PhD Student Invited to Exclusive Doctoral Consortium in Munich

Jason Williams is studying the use of IT in the workplace

KENNESAW, Ga. (Dec 5, 2019) — When Jason Williams enrolled in Kennesaw State University’s doctoral business program, he was intimidated by its focus on conducting academic research. Two years later, his research on technology in the workplace has earned him an invitation to one of the world’s most prestigious information systems consortiums.

Williams, a student in the Michael J. Coles College of Business Doctor of Philosophy in Business Administration program, is one of only 40 doctoral students from around the world selected to participate in the 2019 International Conference of Information Systems Doctoral Consortium. The event will be held Dec. 11-14 at the Schloss Hohenkammer seminar center and hotel in Munich, Germany.

KSU PhD Student Jason Williams

For more than 30 years, the ICIS Doctoral Consortium has provided students with the opportunity to present their IS research to peers and faculty from around the world. Participants gain valuable feedback on their dissertations, learn more about careers in academia, and grow their professional networks.

“It’s going to be great to network not only with the senior scholars, but with folks in the same boat as me who are just now getting into the academic world,” says Williams, whose goal is to become a college professor of information systems. “Making those connections will be helpful going forward in my new career.”

The research Williams will present – called the Theory of Workplace IT Use – examines how employees in an organization use technology to do their jobs. Williams finds that, in a professional setting, people are either 1) learning to use a piece of technology, 2) becoming proficient in its common functions, or 3) discovering innovative ways to solve problems with it.

While the desire in many organizations is to always encourage employees to innovate with technology, in other businesses, doing so could create unnecessary problems. Williams wants to help organizations determine when innovation will enhance success and when it could impede it.

“If you’re in a CPA environment, you don’t want people being innovative when they’re doing other people’s taxes,” Williams says. “You want to tone down those influences to innovate and tone up the influences that standardize operations and make technology sink into the background. There’s efficiency and effectiveness, which can sometimes be at odds with each other.”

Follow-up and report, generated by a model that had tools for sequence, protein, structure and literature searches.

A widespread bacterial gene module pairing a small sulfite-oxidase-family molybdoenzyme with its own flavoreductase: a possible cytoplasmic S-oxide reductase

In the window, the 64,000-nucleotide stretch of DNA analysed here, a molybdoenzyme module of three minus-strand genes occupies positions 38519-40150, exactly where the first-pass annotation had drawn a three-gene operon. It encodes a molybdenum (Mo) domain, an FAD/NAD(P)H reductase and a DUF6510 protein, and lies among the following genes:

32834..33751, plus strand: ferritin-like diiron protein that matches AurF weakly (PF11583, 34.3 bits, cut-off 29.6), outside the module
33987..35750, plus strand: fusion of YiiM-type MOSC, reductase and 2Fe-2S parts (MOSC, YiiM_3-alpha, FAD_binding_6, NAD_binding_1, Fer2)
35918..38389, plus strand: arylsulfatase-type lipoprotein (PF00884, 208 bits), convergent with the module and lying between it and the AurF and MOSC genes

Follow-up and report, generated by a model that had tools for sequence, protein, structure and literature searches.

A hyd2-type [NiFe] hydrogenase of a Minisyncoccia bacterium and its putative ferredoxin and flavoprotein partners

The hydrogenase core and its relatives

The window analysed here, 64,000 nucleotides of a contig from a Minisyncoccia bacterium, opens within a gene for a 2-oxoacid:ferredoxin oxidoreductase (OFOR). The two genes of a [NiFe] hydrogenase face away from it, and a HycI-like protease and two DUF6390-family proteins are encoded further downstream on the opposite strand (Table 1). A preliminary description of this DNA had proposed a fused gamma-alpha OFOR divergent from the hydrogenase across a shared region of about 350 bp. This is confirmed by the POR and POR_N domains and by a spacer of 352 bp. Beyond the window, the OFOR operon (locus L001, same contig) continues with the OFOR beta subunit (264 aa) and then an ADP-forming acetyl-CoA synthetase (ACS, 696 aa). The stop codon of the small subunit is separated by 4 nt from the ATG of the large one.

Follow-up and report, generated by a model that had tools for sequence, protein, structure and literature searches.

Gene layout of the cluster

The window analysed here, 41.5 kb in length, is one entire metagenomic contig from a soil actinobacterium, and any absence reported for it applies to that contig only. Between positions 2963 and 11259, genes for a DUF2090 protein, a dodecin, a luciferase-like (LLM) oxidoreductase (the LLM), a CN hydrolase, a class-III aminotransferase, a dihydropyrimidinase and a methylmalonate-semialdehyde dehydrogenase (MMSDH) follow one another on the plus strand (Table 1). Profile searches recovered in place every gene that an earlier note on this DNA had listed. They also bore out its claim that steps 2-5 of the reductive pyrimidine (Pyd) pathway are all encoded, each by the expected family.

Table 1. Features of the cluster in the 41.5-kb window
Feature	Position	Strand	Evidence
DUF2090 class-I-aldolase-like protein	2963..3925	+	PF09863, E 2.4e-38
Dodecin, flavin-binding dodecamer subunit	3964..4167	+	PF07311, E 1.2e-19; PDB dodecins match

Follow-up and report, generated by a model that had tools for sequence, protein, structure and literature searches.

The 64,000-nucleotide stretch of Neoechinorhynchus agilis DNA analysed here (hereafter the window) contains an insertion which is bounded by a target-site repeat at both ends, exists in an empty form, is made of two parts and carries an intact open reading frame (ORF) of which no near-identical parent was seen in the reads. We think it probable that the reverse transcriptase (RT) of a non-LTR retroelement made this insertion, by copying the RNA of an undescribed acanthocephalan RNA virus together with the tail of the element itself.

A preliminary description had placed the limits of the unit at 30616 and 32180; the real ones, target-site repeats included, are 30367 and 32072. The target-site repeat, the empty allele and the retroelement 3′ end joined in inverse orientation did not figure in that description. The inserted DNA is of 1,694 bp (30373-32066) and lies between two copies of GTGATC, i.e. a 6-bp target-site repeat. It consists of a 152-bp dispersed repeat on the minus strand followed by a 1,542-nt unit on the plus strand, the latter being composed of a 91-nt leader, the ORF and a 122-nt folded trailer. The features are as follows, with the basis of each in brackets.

Williams’ dissertation committee submitted his research to the ICIS for consideration because of its unique subject and its educational and practical applications.

“IT use is a central concept that forms the basis of all the benefits we receive from technology,” says Dr. Saurabh Gupta, Williams’ dissertation committee chair and the IS Discipline Lead in Kennesaw State’s PhDBA program, “and how humans interact with technology is only now being understood. Jason’s work focuses on an empirical evaluation of both of these concepts, and will have great practical and research-based benefits.”

Acceptance into the ICIS Doctoral Consortium is highly exclusive. The ICIS selects 40 people each year and will not accept two students from the same university. Only 12 of this year’s participants are from the United States.

Williams describes his acceptance into the consortium as a “humbling experience,” adding that he plans to do everything he can to successfully represent his research and Kennesaw State University.

Williams currently serves as director of the Project Management Office at Georgia Southern University, where he earned his undergraduate IS degree in 2003 and his Master of Business Administration in 2007. In addition to leading a team of IT project managers, Williams has also periodically taught undergraduate IS and IT classes for the university as an adjunct instructor.

His desire to become a full-time professor brought him to the Coles College’s PhD program in 2017. Its unique once-a-month residency model – classes meet one weekend a month for the first two years – appealed to him because he had recently started a family and did not want to leave his job. However, he initially found the third-year requirement to conduct scholarly research somewhat intimidating.

“I’ve always really enjoyed teaching and mentoring,” he says. “Being able to do that professionally is why I first started pursuing a career in academia. Then, I found out that to do that I would have to do research, which isn’t something I had really done before. Luckily, I learned that I actually really enjoy it, which is very encouraging.”

Gupta says that Williams possesses exemplary skills as a researcher and a student, which will serve him well at the ICIS Doctoral Consortium and later when he becomes a professor.

“Jason spends time thinking critically and evaluating concepts,” he says. “He is an excellent writer and communicates his work well.”

Williams says he owes much of his success to the efforts of Gupta and the other members of his dissertation committee, including Dr. Adriane Randolph, director of the Coles College BrainLab, and Dr. Stacie Petter, information systems professor at Baylor University. He is also grateful to the Coles College Department of Information Systems for funding his trip to Munich for the consortium.

Among the benefits Williams hopes to gain from the event is a broader understanding of IS and how he might incorporate that into his ongoing research into workplace IT, which he plans to publish after he graduates next year.

“Getting feedback from the senior scholars will be the most helpful thing for where I am right now,” he says. “I’m guaranteed to get feedback that’s different from what I’ve gotten in the past, and that is going to be really valuable for me going forward.”

-Patrick Harbin